So after filling my compost bin with a big batch of freshly raked leaves this weekend, I did a little online research to see what I could do to make it a wee bit more productive this winter.

Here’s my plan of attack:

1. Get a bigger under-the-sink kitchen compost bucket. Fewer trips through the snow will help me stay motivated to feed the outdoor bin all winter long.

2. Empty the compost bin now. Since decomposition slows considerably in the winter, the contents won’t shrink very fast and the bin can get overfilled in the process.

3. Save some leaves. I’m going to stockpile some of the leaves I’m raking now to periodically mix in with winter scraps. Some sites suggest using old tomato cages or covered garbage cans to hold the leaves.

4. Don’t turn the pile. Yep, it pays to be lazy all winter because turning a pile lets valuable heat out.

5. Break down the bits a bit more. Maybe I can get away with chucking a whole apple in the bin in the middle of the summer, but not when the thermometer is hitting negative numbers.

We’ll see if these extra steps make a difference come springtime. And, even if it doesn’t result in more compost, at least it saved some space at the landfill.

Want to learn more about composting? Check out our Gaiam Life Guide to Composting or watch sustainable living videos on GaiamTV.com!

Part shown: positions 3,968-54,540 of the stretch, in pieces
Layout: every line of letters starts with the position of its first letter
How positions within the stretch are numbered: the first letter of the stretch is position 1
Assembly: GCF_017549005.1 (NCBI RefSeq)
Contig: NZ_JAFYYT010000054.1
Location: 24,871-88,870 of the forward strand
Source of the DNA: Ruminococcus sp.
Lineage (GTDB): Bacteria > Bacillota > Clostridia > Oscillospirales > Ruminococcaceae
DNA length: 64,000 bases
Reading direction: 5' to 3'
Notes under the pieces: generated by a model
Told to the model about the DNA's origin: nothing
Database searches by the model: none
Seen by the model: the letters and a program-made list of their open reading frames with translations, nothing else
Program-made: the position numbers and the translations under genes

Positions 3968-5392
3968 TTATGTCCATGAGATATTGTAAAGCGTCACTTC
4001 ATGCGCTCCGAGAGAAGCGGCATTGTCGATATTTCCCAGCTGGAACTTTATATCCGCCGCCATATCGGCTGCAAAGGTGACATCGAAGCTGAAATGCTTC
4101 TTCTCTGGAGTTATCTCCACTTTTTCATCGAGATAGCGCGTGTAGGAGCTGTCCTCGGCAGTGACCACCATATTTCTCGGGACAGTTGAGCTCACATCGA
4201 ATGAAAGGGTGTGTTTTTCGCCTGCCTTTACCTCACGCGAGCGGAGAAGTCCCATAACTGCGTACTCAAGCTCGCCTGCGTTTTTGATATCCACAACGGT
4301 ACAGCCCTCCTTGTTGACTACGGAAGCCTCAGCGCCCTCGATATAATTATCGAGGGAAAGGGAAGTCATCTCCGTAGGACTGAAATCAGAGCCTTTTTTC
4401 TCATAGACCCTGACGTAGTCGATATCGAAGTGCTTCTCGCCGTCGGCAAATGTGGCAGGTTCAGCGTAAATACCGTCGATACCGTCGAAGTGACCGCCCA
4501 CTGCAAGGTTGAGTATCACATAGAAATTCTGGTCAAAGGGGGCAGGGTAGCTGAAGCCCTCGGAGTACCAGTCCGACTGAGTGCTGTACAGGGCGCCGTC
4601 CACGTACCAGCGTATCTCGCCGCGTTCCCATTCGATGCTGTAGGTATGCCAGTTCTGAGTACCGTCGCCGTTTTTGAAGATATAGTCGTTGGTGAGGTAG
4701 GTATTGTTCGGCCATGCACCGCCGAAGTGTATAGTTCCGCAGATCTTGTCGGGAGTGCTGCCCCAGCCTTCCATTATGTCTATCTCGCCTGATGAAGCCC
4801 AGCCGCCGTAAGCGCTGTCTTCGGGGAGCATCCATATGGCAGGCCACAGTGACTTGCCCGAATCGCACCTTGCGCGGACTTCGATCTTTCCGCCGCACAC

I definitely recommend following everything on this list…and if you’d like to take it a step further, bring your work indoors to a worm composting system.  Chances are you’ll save space in your freezer, and you’ll create compost through the winter…although I don’t know what you’d do with it. 🙂

How to Screen Worm Compost (video)

How to Screen Worm Compost

Here’s a neat video on how to screen worm compost.  Cassandra keeps it simple in this video and has some nice results.  I do pretty much the same thing, except my screen is a repurposed basket with a piece of wire mesh placed in the bottom.

She makes mention of running a fan over the top of the castings when you first harvest them…it’s true- when you first remove your castings and put the worms back, the stuff is so gooey that a screen doesn’t work so well.  Drying them out just a bit will help, although I wouldn’t want to dry them too much and risk losing some of their benefit.